A lawsuit filed in 4th District Court by a grassroots Orem organization over incentives offered to the University Mall has among its supporters the developer of a competing Provo mall.
John Price of JP Realty Price Development, developers of the Provo Towne Center mall now in the midst of construction on the south end of Provo, is one of the members of People For Fair Taxation.People For Fair Taxation filed suit this week against Orem's City Council this week to try and stop what they cite as a giveaway of tax dollars. They contend the City Council is providing direct aid to a private shopping mall, which "is an improper expenditure of public funds for private purposes."
Salt Lake attorney Bruce T. Jones, representing People For Fair Taxation, said Price Development is not the driving force behind the group's action. He also says the Provo-Orem rivalry is overplayed.
According to Jones, Price is simply concerned because he owns property in Orem and is upset over the decision made without adequate consideration.
However, "a local businessman" - not identified in the group's press release - is quoted as saying, "This is just another example of a handful of politicians and bureaucrats deciding how our hard-earned dollars will be spent without the people's input."
Michael W. Homer, who will handle the litigation for the group, said Orem city touched off the lawsuit when the City Council passed the ordinances offering money to ZCMI and Woodbury Corp.
"If you want to talk about cause and effect, Orem city generated this," he said.
According to the release, People For Fair Taxation does not believe Orem should be offering to give up to $20 million to "a big corporation" such as Woodbury Corporation, owners of the University Mall.
"People for Fair Taxation" believes that it is never the financial responsibility of the taxpayers to bail out a private corporation," continues the release. "There are many struggling businesses in the community, and they have not asked the government to step in and offer them the same tax incentives."
Orem officials have agreed to pay the ZCMI Corporation an initial sum of $2.5 million to help finance their renovation and keep them as an anchor in the University Mall. In a complicated pair of agreements with Woodbury Corporation, they have also promised to pay as much as the $20 million if the mall and ZCMI do not make projected sales goals over the next 20 years after a Nordstrom store comes in as a third anchor.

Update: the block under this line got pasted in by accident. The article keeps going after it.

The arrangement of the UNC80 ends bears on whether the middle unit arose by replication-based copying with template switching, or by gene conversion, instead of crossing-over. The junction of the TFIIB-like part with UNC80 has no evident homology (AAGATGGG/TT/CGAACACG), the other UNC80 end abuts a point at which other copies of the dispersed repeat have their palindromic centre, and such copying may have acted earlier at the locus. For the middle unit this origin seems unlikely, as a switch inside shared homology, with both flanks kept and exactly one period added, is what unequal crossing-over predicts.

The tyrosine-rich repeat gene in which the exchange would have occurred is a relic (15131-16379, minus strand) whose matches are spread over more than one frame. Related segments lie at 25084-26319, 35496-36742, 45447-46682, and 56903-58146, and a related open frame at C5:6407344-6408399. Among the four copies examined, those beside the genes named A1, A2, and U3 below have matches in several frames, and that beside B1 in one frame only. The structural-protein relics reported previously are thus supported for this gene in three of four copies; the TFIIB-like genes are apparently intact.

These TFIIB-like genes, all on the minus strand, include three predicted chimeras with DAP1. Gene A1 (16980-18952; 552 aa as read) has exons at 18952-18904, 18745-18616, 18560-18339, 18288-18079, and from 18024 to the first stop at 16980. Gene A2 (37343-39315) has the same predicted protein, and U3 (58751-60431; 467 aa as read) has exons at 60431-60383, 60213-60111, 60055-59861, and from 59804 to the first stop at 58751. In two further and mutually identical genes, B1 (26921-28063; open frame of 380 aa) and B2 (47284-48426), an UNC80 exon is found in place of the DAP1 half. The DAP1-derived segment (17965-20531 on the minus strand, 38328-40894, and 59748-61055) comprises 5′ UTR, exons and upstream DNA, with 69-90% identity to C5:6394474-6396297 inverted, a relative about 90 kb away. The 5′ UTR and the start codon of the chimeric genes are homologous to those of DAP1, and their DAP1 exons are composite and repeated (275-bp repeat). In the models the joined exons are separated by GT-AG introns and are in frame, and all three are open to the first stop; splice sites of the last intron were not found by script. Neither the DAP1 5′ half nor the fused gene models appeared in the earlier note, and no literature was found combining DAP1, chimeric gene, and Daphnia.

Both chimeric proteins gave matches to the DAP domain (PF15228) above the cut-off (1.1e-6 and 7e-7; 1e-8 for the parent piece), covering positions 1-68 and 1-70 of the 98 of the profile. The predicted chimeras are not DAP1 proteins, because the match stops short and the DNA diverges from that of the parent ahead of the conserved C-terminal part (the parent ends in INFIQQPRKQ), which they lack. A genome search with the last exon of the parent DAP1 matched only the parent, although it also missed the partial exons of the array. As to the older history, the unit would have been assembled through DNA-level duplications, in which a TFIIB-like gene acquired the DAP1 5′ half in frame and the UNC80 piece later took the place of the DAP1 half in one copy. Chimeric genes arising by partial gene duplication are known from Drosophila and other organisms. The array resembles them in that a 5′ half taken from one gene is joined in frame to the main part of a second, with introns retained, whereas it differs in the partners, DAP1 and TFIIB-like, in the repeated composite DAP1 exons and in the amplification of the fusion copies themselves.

Orem officials, including Mayor Joe Nelson, have publicly declared it to be in the best interest of all of Orem's businesses to keep the mall viable.
Nelson, who campaigned against offering tax incentives to private businesses, said this is a unique situation with Orem's very economic security at stake.
City Manager Jim Reams and Nelson have said their actions have been necessary partly because the Provo mall development team has earnestly strived to entice ZCMI to leave Orem and join the Provo Towne Centre bank of businesses.
JCPenney was drafted earlier into becoming a Provo mall anchor by JPRealty, touching off a war of words and dollars between the two Utah County cities.
"This just goes to show that there is a lot of concern about how strong a competitor the University Mall is going to be," said Walker Kennedy, general counsel for Woodbury Corporation.
Ron Madsen, redevelopment director for Provo, said Friday that Provo is paying Dillard's up to $2 million over a period of 15 years for site preparation and public improvements such as the storm drain the city required Dillard's to run onto the site and under the freeway.
Madsen said the agreement with Dillard's was in place long before the wrangling began between Orem and Provo over anchors and involves property-tax redevelopment funds, not sales tax revenue.
"There's a world of difference between sales tax and property tax. It's really difficult to compare (the two offers)," he said.